Vivek Ravisankar


The book, The Untethered Soul by Michael Singer, is one that I have re-read the most. Every time I decide to read this book, I inadvertently start with the chapter, Removing the Inner Thorn.

Suppose you have a thorn embedded in your arm, not just superficially but deep enough to stimulate a nerve each time it’s brushed against. You could devise all sorts of mechanisms to prevent the touch. You could painstakingly trim the branches when you walk in the woods or engineer a protective casing for when you roll over in your sleep. There’s one hitch – the protective casing is metal. It’s now going to trigger the airport security alarm. The solution? Create another workaround, another buffer. And just like that, your existence revolves around the very thorn you sought to avoid.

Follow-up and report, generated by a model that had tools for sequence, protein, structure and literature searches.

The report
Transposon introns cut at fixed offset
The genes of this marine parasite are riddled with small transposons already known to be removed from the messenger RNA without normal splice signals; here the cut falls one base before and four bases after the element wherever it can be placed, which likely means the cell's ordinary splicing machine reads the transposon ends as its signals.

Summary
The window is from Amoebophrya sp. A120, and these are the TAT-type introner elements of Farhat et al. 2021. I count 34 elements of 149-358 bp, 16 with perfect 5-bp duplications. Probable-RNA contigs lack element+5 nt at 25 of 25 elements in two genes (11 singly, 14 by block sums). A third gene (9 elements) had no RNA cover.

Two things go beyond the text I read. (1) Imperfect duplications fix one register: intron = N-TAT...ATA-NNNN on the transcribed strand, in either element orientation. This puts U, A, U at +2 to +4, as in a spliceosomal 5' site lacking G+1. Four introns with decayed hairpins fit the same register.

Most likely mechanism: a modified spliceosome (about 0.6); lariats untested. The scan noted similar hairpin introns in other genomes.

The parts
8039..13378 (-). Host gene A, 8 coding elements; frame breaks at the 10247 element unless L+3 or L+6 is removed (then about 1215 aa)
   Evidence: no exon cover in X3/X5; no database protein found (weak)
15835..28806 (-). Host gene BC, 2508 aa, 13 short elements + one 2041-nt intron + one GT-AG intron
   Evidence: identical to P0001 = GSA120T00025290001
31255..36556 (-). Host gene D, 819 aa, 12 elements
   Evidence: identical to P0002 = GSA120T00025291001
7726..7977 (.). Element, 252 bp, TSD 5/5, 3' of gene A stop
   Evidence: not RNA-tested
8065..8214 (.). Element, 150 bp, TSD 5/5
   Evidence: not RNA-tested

What if, instead, we chose the initial pain of pulling out the thorn? While it might be a jarring process, it ultimately leads to liberation, freeing us from the shackles of a thorn-centered life.

This concept isn’t merely theoretical but has had implications in real-life situations for me. In one scenario, I decided to part ways with an employee vs building “devices” around him. In another instance where I was envious of a peer’s accomplishment, I acknowledged that every individual’s story is unique & started focusing on mine.

So, what is your thorn? How are you dealing with it?